signs). It can also happen that the model cannot be fitted or does not converge especially at the extremes of the interval to be searched. This will result in missing (`NA`

) bounds and corresponding warnings. It may then be necessary to adjust the end points manually (see ‘Note’).

Finally, it is also possible that the lower and upper confidence interval bounds for a variance component both fall below zero. Since both bounds then fall outside of the parameter space, the confidence interval then consists of the null/empty set. Alternatively, one could interpret this as a CI with bounds \([0,0]\) or as indicating 'highly (or overly) homogeneous' data.

An object of class `"confint.rma"`

. The object is a list with either one or two elements (named `fixed`

and `random`

) with the following elements:

estimate of the model coefficient or variance component.

lower bound of the confidence interval.

upper bound of the confidence interval.

For objects of class `"rma.uni"`

with `random=TRUE`

, the function provides a confidence interval for \(\tau^2\). The upper end point of the interval to be searched for the confidence interval bounds is set to 100 (which should be large enough for most cases). The upper end point can be adjusted with `control=list(tau2.max=value)`

. One can also adjust the lower end point of the interval to be searched with `control=list(tau2.min=value)`

(the default is to take that value from the object, which is 0 by default). You should only play around with this value if you know what you are doing.

For objects of class `"rma.mv"`

, the function provides confidence intervals for the variance/correlation parameters in the model. For variance components, the lower end point of the interval to be searched is set to 0 and the upper end point to the larger of 10 and 100 times the value of the component. For correlations, the function tries to set the lower end point to a sensible default depending on the type of variance structure chosen, while the upper end point is set to 1. One can adjust the lower and/or upper end points with `control=list(vc.min=value, vc.max=value)`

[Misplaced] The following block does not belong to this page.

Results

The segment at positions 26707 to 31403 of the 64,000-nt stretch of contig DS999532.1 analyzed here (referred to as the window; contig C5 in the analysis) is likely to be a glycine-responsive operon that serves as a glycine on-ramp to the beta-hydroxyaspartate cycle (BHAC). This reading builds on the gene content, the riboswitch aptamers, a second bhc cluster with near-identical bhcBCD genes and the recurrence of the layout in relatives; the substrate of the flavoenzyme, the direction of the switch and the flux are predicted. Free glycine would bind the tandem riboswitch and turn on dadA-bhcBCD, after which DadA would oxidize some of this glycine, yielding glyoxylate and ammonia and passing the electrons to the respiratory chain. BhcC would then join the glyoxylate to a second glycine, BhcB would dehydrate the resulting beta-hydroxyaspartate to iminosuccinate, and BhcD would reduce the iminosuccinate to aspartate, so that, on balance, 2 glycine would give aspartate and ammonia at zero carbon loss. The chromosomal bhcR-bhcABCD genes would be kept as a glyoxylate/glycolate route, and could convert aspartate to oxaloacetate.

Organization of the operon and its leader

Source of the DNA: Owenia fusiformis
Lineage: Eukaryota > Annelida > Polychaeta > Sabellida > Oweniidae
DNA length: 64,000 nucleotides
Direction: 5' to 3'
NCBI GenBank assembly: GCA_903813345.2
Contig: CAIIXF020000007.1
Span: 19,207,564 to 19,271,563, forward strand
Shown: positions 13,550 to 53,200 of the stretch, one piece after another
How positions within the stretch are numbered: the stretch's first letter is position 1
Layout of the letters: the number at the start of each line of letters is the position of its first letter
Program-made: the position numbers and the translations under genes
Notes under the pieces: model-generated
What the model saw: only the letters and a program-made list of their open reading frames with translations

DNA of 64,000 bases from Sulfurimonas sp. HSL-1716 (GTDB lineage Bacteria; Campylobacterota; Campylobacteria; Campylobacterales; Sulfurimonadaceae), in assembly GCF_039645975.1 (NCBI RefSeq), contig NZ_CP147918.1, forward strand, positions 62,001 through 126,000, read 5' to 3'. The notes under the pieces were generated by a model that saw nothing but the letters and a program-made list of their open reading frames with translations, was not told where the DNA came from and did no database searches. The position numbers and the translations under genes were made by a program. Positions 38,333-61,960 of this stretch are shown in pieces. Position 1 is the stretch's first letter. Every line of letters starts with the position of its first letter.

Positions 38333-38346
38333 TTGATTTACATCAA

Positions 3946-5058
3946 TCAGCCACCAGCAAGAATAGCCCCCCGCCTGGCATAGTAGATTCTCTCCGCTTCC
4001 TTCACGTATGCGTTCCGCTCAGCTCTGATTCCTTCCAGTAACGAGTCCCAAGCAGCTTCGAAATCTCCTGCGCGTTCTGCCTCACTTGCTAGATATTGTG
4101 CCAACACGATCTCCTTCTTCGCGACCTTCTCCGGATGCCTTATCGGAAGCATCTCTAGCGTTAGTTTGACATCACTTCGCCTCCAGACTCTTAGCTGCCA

. Also, the function tries to adjust the lower/upper end points when the model does not converge at these extremes (the end points are then moved closer to the estimated value of the component). The total number of tries for setting/adjusting the end points is determined via `control=list(eptries=<value>)`

, with the default being 10 tries.

The Q-profile and generalized Q-statistic methods are both exact under the assumptions of the random- and mixed-effects models (i.e., normally distributed observed and true outcomes and known sampling variances). In practice, these assumptions are usually only approximately true, turning confidence intervals for \(\tau^2\) also into approximations. Profile likelihood confidence intervals are not exact by construction and rely on the asymptotic behavior of the likelihood ratio statistic, so they may be inaccurate in small samples.

Hartung, J., & Knapp, G. (2005). On confidence intervals for the among-group variance in the one-way random effects model with unequal error variances. *Journal of Statistical Planning and Inference*, **127**, 157--177.